The first issue of Hawkeye will be compared, repeatedly, to Frank Miller's Daredevil and Miller and Mazzuchelli's Batman. We have a costumeless Hawkeye, not trying to save the world, not trying to stop a supervillain, but trying to sort out the rent agreements of his friends. It's a world where money cannot solve all problems, where brute force causes more problems, and where sometimes the life of a dog is more important than the life of a human. And how being a superhero at the wrong place at the wrong time isn't always the best thing. It's human, a comic book told with beats, with David Aja's shadow and light, and only one use of Hawkeye's specific abilities, and it's spectacular, if a little bit Bullseye. Again, we're back to Daredevil. No bows, no arrows, it's not that kind of comic book. Even though it is about, and stars, Hawkeye. Yeah, you're going to like this one. Possibly the best thing Matt Fraction has written for Marvel.
Talking about comics based on the small things in life, Mark Waid continues to innovate, creating whole new world using only the same building blocks as everyone else in the Marvel Universe. This time it's the familiar plot of Antman shrinking down inside a fellow superhero's body to sort out problems. Yes it's Daredevil, and his brain is infested with Doom-nanobots. What Waid does here that is different, is take Ant Man's mental communication with ants schtick and joins Ant Man and Daredevil together in some vague telepathic sense that affects the pair of them, and giving each a better understanding of each other in the process. Brilliant, and again beautifully illustrated by the Riveras, who are leaving this Eisner-winning book to create their own work… they'll be missed.
Harvest, a new book published by Image Comics is, basically, Dexter-meets-Dirty Pretty Things, delving into the world of organ harvesting, the people it targets, those who do the targeting and the medical professionals that get recruited along the way. The people involved are treated just like the organs, one fails, another must be found to replace it, by any means necessary. The macro reflects the micro. Great start.
While Thief Of Thieves runs the final arc of the heist we've been following so far, and just as you'd expect, it's revelation after revelation after revelation, so that the people who were being set up weren't being set up, the actual location of the heist wasn't where we thought it was and the whole plan was so, so different all along. Of course, of course, of course. Put your feet up to read this… otherwise they may just start kicking you.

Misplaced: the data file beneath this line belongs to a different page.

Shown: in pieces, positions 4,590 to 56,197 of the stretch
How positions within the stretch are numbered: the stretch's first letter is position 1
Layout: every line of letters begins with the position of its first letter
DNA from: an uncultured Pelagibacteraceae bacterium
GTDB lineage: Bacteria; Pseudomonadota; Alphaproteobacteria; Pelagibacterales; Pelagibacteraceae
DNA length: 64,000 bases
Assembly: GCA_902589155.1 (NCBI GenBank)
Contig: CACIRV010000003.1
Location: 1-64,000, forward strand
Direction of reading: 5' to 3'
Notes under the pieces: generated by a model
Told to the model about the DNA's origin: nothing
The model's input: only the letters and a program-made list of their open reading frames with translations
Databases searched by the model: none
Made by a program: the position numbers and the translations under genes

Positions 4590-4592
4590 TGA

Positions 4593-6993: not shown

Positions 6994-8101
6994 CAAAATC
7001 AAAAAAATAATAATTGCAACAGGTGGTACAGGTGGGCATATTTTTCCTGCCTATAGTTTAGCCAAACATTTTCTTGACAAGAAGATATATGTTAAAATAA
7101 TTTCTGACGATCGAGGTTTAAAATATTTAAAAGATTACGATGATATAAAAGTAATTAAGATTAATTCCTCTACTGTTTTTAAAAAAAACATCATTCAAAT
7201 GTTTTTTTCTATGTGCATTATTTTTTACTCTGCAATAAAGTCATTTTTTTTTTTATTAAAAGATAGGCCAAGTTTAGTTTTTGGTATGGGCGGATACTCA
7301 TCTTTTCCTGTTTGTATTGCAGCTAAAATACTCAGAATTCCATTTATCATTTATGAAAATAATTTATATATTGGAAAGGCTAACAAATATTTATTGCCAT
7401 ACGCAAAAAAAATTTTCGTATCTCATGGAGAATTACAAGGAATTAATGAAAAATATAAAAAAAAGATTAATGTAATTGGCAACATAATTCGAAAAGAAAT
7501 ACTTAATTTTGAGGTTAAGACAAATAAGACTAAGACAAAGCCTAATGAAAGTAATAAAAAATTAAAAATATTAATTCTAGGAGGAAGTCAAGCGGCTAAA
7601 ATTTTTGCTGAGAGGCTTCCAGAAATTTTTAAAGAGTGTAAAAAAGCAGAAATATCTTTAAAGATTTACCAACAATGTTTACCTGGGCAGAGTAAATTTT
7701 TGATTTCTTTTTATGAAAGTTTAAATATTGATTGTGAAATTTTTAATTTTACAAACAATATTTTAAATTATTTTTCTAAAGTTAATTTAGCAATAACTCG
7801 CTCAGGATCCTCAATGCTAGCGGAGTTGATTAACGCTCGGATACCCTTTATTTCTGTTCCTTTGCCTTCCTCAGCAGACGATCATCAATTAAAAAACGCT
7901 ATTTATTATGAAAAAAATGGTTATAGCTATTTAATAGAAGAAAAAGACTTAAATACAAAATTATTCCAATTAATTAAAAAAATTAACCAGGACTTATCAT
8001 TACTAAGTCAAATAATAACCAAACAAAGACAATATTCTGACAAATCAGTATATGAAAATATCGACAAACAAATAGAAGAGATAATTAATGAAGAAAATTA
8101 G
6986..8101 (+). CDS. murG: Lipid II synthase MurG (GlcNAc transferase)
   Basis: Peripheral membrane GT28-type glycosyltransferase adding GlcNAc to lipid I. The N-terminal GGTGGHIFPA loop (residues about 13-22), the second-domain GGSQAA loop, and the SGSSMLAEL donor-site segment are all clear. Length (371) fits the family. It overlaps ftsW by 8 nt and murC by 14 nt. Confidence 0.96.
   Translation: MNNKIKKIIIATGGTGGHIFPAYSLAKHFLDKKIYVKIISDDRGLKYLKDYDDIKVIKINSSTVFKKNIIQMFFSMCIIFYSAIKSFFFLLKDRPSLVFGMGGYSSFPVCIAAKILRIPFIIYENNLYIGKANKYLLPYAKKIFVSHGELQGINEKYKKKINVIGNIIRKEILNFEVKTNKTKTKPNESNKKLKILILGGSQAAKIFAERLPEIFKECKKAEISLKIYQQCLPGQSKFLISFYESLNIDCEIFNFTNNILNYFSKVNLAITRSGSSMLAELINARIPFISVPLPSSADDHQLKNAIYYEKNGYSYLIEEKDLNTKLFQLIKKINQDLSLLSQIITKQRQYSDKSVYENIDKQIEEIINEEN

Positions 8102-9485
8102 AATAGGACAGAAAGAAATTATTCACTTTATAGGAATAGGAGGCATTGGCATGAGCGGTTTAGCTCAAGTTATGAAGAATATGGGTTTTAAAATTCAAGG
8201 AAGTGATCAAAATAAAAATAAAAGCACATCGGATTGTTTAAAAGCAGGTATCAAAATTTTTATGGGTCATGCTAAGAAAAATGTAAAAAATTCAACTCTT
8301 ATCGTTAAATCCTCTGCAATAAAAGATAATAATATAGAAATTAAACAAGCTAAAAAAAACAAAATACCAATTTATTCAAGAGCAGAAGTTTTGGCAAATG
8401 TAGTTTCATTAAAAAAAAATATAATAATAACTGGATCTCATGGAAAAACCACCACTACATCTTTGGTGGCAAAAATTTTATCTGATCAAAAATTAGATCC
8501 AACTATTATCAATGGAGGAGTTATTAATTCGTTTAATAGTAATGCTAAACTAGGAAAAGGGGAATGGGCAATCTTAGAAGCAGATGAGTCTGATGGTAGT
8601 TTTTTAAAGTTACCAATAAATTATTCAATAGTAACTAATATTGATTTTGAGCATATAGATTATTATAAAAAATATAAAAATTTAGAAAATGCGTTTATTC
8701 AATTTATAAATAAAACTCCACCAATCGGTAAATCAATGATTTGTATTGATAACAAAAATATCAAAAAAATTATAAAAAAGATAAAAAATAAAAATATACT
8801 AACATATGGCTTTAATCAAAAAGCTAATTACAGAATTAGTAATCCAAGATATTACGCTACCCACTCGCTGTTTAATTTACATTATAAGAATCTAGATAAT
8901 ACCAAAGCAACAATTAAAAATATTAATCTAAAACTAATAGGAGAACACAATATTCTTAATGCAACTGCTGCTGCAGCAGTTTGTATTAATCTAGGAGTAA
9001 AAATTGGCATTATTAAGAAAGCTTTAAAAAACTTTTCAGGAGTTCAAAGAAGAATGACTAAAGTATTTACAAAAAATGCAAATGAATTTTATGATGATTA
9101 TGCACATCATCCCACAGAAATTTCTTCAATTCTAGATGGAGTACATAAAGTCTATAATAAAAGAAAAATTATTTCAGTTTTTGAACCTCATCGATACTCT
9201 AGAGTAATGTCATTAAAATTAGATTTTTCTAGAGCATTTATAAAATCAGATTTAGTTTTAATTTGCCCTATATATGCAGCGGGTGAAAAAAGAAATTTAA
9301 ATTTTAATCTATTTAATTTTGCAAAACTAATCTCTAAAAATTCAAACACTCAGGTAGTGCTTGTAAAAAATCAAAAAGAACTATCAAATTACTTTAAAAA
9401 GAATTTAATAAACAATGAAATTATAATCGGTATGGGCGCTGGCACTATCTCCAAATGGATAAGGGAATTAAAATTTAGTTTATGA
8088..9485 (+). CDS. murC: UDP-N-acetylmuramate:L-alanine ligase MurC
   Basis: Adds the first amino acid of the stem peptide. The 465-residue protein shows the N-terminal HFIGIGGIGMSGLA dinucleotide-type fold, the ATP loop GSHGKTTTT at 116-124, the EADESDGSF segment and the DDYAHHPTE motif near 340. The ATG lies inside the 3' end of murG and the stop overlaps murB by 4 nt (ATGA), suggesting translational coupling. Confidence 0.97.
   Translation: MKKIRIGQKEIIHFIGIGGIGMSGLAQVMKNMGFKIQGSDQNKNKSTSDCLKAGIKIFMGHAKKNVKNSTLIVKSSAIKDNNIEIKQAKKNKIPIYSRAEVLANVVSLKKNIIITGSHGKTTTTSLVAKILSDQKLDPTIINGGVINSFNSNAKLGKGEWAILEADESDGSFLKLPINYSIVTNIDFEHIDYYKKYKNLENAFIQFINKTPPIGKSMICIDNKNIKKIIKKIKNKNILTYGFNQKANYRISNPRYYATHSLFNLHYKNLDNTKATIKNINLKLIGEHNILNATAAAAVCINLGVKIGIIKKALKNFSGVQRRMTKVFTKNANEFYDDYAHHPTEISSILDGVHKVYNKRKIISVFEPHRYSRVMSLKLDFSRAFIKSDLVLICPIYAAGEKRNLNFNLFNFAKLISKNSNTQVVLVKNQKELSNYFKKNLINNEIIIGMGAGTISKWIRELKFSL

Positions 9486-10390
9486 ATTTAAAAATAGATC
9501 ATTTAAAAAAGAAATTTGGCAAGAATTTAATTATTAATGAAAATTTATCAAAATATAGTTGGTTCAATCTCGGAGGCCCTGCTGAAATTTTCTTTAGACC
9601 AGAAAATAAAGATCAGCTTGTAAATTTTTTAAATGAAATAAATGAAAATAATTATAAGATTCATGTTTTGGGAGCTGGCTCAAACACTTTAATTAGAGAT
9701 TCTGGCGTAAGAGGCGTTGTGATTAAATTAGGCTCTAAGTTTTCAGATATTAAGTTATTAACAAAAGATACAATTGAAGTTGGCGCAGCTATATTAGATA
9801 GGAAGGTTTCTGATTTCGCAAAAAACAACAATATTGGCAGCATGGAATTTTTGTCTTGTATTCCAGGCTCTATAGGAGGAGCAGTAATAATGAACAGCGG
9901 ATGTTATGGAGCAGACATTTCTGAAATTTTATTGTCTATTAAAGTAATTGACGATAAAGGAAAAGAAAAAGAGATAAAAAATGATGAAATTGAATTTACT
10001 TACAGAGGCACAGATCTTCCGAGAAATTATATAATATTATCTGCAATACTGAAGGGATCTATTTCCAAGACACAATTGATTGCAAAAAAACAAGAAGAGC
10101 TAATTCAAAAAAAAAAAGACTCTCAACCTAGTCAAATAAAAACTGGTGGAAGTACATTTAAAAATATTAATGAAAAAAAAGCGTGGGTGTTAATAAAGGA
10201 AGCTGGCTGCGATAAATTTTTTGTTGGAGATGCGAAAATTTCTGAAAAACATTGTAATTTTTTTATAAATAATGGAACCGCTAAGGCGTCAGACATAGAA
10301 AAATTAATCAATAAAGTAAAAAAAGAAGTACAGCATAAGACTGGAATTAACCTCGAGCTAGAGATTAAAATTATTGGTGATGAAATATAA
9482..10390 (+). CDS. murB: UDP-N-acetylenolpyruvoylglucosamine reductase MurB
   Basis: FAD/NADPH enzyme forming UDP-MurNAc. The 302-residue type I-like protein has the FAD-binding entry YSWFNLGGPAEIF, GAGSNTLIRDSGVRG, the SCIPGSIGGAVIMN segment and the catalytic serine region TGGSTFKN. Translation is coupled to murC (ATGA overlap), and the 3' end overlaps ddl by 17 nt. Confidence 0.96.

In The Muppets, Roger Langridge brings us song., He repeatedly does this, in Muppets and other books, sing song, meter, rhyme to talk about whatever he thinks is relevant (or not) to the plot and The Muppets has given him carte blanche to drop songs in wherever he sees fit. And as the very unseasonal weather in the Season of Summer plays havoc with plans, so the right words find both rhyme and reason in the madness. I just feel sorry for the polar bear.
First X-Men is all about firsts. Neal Adams throws continuity into a dustbin and gives us a new first meeting between Xavier, Wolverine and Sabretooth in this kinda-X-Men First Class comic set an indeterminate time ago, with a balding Charles Xavier in University and a Wolverine being hunted down. With this and Avengers 1959, Marvel seem to be saying "Wolverine was everywhere, everywhen, but we all just forgot about it". It looks like some mindwipe has to be on the cards somewhere along the line.
Alpha Girl continues to delve into the more outrageous elements, more Carry On and Farrelly Brothers than Walking Dead. It may be getting a little old, Chew has the ability to switch gears from these kind of scenes, to ramp up drama and character, Alpha Girl is feeling a little one note… but then maybe that's the point, and this is arguing against something's reason to be. Maybe I should just look elsewhere…
Epic Kill does a grand job of bringing European style action comics into the American superhero marketplace. This car chase is a great example of that a combination of incredibly static forms with full speed action. Imagine if they'd drawn Transformers like this (Flash Fact: Check out the John Ridgeway issues by Marvel UK) Oh and killing the President of the United States as well. Nothing more European than that!
Communication by IMDB knowledge certainly holds a number of families together. In Mind The Gap, it's a way to supernaturally communicate with the person who knows you best in all the world.
This is basically why I've been calling Think Tank the Transmetropolitan of science. Nice to read it with the greys and a few dialoguie tweaks now it;s acually in print…
Comics courtesy of Orbital Comics in London. About to host an Ian Churchill career retrospective of original art in August, kicking off with a signing…